Figuration Never Died: New York Painterly Painting, 1950-1970
On view through February 14, 2021
Brattleboro Museum & Art Center
Brattleboro exhibit shows mid-century figurative painting in new light.
Textbook descriptions of 20th-century art movements typically trace a progression from Abstract Expressionism to Color Field, followed by Pop Art as a reaction to Color Field. But a new exhibit at the Brattleboro Museum & Art Center (BMAC), “Figuration Never Died: New York Painterly Painting, 1950-1970,” reveals an untold part of the story, highlighting a generation of New York artists who absorbed the lessons of Abstract Expressionism but never abandoned figurative painting.
Curator Karen Wilkin, an author, art critic, and head of art history at the New York Studio School, has selected 20 works by ten artists who played a significant role in this movement: Robert De Niro Sr., Lois Dodd, Jane Freilicher, Paul Georges, Grace Hartigan, Wolf Kahn, Alex Katz, Albert Kresch, Paul Resika, and Anne Tabachnick. Many of them were students of Hans Hofmann, and several had close working relationships with each other. In an essay written to accompany the exhibit, Wilkin writes that while many young artists of the time looked to Willem de Kooning for inspiration, the artists in this exhibit invented “a new kind of ‘painterly’ painting more indebted to Edouard Manet’s early work than to de Kooning.”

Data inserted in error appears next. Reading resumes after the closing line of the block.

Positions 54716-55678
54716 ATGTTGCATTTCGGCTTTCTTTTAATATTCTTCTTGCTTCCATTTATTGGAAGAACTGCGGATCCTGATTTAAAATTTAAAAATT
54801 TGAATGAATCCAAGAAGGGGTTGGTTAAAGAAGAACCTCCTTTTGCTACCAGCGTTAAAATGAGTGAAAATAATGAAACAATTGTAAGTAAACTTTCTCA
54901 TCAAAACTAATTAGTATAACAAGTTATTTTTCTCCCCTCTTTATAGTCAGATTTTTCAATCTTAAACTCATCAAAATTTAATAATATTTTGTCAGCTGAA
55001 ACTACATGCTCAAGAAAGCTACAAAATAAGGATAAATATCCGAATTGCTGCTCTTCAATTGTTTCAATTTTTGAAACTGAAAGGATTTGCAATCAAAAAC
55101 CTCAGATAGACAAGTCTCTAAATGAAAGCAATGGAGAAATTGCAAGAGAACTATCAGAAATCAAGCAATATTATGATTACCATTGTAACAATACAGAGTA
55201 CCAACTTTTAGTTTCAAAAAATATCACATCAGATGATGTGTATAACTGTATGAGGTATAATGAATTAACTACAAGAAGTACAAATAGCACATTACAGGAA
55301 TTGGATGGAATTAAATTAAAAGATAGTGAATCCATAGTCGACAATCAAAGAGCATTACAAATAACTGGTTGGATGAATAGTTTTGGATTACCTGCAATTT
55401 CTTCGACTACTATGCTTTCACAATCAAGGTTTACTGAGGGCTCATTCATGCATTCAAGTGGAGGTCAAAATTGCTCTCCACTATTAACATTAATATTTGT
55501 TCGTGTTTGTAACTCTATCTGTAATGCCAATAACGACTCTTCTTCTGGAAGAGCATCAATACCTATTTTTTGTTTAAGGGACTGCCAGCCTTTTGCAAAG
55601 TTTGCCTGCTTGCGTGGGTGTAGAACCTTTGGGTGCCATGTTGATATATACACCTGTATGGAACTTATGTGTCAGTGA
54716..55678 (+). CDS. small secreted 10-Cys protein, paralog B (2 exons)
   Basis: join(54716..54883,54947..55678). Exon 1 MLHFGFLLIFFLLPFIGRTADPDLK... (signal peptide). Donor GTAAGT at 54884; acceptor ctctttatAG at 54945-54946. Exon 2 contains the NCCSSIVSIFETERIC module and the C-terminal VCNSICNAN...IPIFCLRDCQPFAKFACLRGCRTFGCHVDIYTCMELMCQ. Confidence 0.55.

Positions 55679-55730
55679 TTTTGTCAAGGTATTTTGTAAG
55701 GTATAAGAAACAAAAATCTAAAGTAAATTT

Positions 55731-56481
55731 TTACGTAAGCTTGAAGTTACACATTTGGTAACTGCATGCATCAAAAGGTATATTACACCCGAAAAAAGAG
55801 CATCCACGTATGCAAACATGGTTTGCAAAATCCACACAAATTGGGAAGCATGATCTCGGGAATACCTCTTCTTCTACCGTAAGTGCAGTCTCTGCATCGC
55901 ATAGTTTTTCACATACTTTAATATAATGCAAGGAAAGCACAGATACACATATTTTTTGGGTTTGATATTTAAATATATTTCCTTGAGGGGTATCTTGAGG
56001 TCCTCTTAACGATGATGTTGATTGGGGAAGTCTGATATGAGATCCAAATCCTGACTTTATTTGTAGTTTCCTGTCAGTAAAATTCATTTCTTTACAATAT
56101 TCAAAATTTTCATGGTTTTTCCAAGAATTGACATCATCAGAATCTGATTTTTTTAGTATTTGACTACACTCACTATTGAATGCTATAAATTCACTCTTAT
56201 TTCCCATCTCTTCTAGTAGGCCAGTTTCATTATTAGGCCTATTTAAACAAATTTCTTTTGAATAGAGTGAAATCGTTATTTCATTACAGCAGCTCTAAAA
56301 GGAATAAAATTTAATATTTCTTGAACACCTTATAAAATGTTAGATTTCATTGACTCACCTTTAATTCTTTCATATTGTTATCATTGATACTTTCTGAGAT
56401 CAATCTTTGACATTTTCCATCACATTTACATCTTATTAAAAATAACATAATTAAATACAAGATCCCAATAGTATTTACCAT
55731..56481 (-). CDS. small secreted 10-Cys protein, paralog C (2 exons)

Grace Hartigan, “Giftwares” (1955), oil and charcoal on canvas, 63 x 81 inches, Collection of the Neuberger Museum of Art, Purchase College, State University of New York, Gift of Roy R. Neuberger